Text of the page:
Retailers struggle with sluggish June sales

Store chains deliver mixed results as consumers slow buying pace after binge-shopping in May; surge in electronics boosts Wal-Mart.

By Parija B. Kavilanz, senior writer

NEW YORK ( -- Despite June being a heavy discount month, many retailers suffered disappointing sales at their stores, although Wal-Mart surprisingly escaped the bout of summer doldrums.

Among the retailers that reported their results early Thursday, women's clothing chain Chico's posted a dismal 7.3 percent drop in June sales at its stores open a year, a key measure of retail performance known as same-store sales.


Sales at children's clothing chain Children's Place fell 4 percent, Gap's sales tumbled 5 percent while wholesale club operator Costco (Charts, Fortune 500) posted a 6 percent gain in its sales, just shy of analysts' expectations for a 6.1 percent increase, according to Thomson Financial.

A new consumer spending survey released Thursday by the America's Research Group (ARG) indicated that many shoppers were both reducing their spending and postponing big ticket purchases.

According to the survey, about 40 percent of 1,000 shoppers polled in early July said they reduced spending in June due to higher gas prices, while about 22 percent said they delayed a purchase of $599 or more.

"The impact of gas prices on the American consumer's psyche is not going away," Britt Beemer, chairman of ARG, said in the report. "The data reveal that retailers will experience difficult times and reluctant consumers for the important back-to-school and fall shopping periods."

Other factors, such as consumer dissatisfaction with spring fashions, also hurt overall sales, Beemer said.

Electronics charge up Wal-Mart's sales

But there were some successes.

Wal-Mart (Charts, Fortune 500), the world's largest retailer, posted a better-than-expected 2.4 percent same-store sales increase, citing strong year-over-year sales of flat-panel televisions, MP3 players, video game hardware and laptops and desktop computers to offset ongoing weakness in its apparel and home categories.

Wal-Mart had expected sales to come in flat to up 2 percent for the month.

What's more, the retailer said its computer sales were fueled by the recent introduction of select Dell computers at all Wal-Mart stores and Sam's Club locations in the United States.

For July, Wal-Mart said it expects same-store sales to be up 1 to 2 percent, but cautioned that its mostly paycheck-to-paycheck shoppers continue to be challenged by higher prices at the pump. The company also said it sees the same pressures on customers in many of its international markets.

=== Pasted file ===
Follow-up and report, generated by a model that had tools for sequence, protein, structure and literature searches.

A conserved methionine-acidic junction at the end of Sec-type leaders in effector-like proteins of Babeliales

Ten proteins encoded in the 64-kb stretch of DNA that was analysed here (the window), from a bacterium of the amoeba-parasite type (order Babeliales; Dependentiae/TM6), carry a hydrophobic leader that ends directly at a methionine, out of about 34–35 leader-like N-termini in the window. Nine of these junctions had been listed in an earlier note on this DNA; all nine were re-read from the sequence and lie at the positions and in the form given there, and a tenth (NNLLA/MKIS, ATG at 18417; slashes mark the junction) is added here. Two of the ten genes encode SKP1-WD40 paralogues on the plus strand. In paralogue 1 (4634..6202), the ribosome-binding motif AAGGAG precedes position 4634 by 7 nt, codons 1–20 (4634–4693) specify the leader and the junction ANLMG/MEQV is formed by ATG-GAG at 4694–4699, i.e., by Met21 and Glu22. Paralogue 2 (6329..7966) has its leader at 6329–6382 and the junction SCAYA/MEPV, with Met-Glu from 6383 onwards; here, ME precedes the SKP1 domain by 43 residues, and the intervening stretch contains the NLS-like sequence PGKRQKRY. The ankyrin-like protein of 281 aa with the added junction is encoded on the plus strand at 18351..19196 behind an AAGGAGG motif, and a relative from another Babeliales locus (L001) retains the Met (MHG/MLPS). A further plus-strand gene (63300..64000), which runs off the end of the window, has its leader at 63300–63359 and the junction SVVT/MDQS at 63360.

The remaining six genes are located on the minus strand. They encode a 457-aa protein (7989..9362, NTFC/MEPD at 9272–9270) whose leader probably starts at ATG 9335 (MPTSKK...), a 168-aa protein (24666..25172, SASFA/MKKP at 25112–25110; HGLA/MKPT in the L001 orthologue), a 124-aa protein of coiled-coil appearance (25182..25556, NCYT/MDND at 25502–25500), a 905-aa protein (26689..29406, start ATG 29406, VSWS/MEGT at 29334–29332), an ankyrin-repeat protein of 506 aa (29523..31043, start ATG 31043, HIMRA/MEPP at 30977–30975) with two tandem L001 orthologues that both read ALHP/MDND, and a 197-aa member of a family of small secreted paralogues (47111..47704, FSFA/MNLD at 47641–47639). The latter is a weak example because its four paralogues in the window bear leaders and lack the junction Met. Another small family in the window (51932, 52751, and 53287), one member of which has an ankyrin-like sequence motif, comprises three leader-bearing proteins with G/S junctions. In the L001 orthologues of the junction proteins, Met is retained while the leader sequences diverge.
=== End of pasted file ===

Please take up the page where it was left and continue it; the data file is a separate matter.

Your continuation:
"Consumers continue to be challenged financially, with more pressure on discretionary spending," Eduardo Castro-Wright, Wal-Mart's U.S. president and chief executive officer, said in a statement. "Gas prices have moved to be their chief concern in our latest survey and they appreciate the opportunity to save on everything."

Still, Wal-Mart reiterated its second-quarter profit forecast of 75 to 79 cents a share. "We remain in a challenging environment, but still believe the earnings guidance for the quarter is attainable," Tom Schoewe, Wal-Mart's chief financial officer, said in a statement.

Teen clothing retailer American Eagle Outfitters (Charts) once again proved that it's a favorite destination for young shoppers. The retailer logged a strong 8 percent jump in its June sales, beating expectations for a 4.4 percent gain.

According to Thomson Financial, which tracks numbers from 52 store chains, June same-store sales overall are expected to increase 1.8 percent, much softer than the 3 percent gain for the same period a year ago.

Excluding Wal-Mart, however, same-store sales are forecast to rise 2.6 percent, In June 2006, same-store sales rose a much stronger 4.3 percent, excluding Wal-Mart.

Of the 47 retailers that had already delivered their numbers, 53 percent missed analysts' sales estimates for June while 44 percent beat analysts' expectations.

Department stores in distress

Both Macy's and J.C.Penney (Charts, Fortune 500) took a hit last month. Penney's same-store sales fell 1.5 percent, while Macy's (Charts), which operates both its namesakes and Bloomingdale's chains, posted a 2.7 drop in its June comparable sales, worse than its initial forecast for sales to be flat to down 2 percent.

Macy's expects July same-store sales to flat to down 3 percent. The company also warned about its second quarter, saying it now expects profit for the period to be 20 to 30 cents a share, down from its earlier guidance of 35 to 45 cents a share.

Analysts, on average, forecast the retailer to earn 41 cents for the quarter, according to First Call.

Although the pullback in spending last month was anticipated after May's robust same-store sales gains, one industry watcher said he's not yet convinced that the majority of Americans are tiring of their favorite pastime.

"All of the news this morning strongly supports our thesis that only the lower one-third of the household market is under pressure while the rest of the U.S. household market continues to be a good shape, although there is some evidence of widespread interest in promotions and price cuts, Richard Hastings, vice president and senior retail analyst with Bernard Sands, wrote in a report Thursday. Top of page